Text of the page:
@jonj @tony b @MacKenzie @tekobo @Tyrus @Basher - you should have a bottle of Aji Amarillo paste in the package I sent you so this is in your wheeelhouse should you desire. It's a simple, easy but super tasty dish. I hope you enjoy it.

 

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Edited by Troble
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Great Troble, nice description. I do appreciate a bit of heat nowadays in my food although it took many years of adjustment and tolerance to break the pepper barrier. Coming from northern european ancestry the diet was simpler and tamer, luckily we've turned the corner. That pepper looks like a familiar foe of mine, the Habanero....I'll wear gloves, eye protection and a mask..........unfortunately it's all genetics with this hot stuff.  I can eat horseradish by the tablespoon and woudn't blink an eye, we'll exercise the caution and follow your warning

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Thanks, I'm definitely going to try this soon (need to do my Al Pastor first!)

One quick question - how much of the boiled chicken water do you add to the blender with the bread and walnuts? The consistency in the picture of the blender looks pretty thick. 

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Good question @tony b I generally just fill it till it’s full because usually a full load of bread blocks a lot of water absorption, that being said I have made that sauce “too thin” by adding too much water so I generally fill it, blend it, mash it and I’ll add a bit more water if necessary. You want it thick out of the blender because you still have to add 1 cup of chicken broth and a whole can of evaporated milk. So it will thin out when you add to it 

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Posted (edited)

I should also add that the book recipe calls for a mirepoix mix in the boiled chicken water. I did that the first few times then decided it was a waste and I haven’t cooked it with a mirepoix boil in 11 years. I should probably try it again sometime but if just seemed like a complete waste of vegetables with little difference in flavor IMO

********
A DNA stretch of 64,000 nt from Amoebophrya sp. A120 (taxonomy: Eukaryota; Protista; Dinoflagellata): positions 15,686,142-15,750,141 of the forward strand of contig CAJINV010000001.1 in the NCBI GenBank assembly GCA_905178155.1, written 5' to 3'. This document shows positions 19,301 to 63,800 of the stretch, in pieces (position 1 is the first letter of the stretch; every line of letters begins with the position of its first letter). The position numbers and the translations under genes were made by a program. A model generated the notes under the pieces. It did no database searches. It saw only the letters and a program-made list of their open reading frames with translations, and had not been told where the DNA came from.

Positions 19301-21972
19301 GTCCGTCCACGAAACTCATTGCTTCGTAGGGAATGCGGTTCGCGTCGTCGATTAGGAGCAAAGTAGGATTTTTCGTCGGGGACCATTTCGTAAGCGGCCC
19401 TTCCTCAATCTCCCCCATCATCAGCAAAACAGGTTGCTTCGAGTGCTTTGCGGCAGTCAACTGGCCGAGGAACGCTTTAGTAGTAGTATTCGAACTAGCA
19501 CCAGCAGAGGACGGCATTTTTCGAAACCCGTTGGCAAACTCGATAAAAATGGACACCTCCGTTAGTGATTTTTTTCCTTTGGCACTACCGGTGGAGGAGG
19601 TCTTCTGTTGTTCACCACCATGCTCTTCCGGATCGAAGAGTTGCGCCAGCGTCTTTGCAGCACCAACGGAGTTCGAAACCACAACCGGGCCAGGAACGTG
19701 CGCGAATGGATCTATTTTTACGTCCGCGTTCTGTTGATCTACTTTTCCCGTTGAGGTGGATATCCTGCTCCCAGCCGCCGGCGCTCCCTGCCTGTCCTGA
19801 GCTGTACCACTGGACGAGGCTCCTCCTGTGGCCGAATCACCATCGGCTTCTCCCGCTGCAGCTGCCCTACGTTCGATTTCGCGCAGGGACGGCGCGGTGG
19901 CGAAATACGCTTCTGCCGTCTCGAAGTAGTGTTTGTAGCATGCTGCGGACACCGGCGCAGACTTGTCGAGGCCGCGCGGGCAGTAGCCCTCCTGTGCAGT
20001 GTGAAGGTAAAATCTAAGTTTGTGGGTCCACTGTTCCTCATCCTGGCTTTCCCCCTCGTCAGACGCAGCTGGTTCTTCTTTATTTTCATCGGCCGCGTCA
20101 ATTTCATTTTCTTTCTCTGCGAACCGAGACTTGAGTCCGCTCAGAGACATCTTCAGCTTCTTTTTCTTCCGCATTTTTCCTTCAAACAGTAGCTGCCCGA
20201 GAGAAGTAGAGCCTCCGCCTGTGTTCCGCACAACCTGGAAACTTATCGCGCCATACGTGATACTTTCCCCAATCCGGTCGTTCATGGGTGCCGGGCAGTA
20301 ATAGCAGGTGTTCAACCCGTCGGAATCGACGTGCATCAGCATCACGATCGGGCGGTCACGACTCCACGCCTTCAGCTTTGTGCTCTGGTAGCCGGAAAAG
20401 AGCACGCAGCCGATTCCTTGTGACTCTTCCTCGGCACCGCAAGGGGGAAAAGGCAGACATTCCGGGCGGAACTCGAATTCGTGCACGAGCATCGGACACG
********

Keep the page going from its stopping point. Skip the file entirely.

Edited by Troble
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Posted (edited)

@tony byes perhaps I just never notice any difference in the chicken flavor but like I said I gave it up a long time ago and should probably try it again 

also to answer your earlier question that recipe in the book says 1 cup of cooking liquid. It also says 3 slices of bread and I use an entire loaf so.....

Edited by Troble
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To me, a recipe is merely guidance, not sacrosanct. I've read so many of them over the years that I can see from the list of ingredients and some of the preps what it should taste like and then start making my own tweaks to it to suit my tastes. If I'm venturing into unknown territory for the first time, I'll stick pretty close to the recipe, but that's about the only time.

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Posted (edited)
8 hours ago, tony b said:

To me, a recipe is merely guidance, not sacrosanct. I've read so many of them over the years that I can see from the list of ingredients and some of the preps what it should taste like and then start making my own tweaks to it to suit my tastes. If I'm venturing into unknown territory for the first time, I'll stick pretty close to the recipe, but that's about the only time.

Agree 100%. I use recipe for ingredient lists and guidance but usually season to my taste likings. Specially I always use way more garlic and more cumin than my recipes call for 

Edited by Troble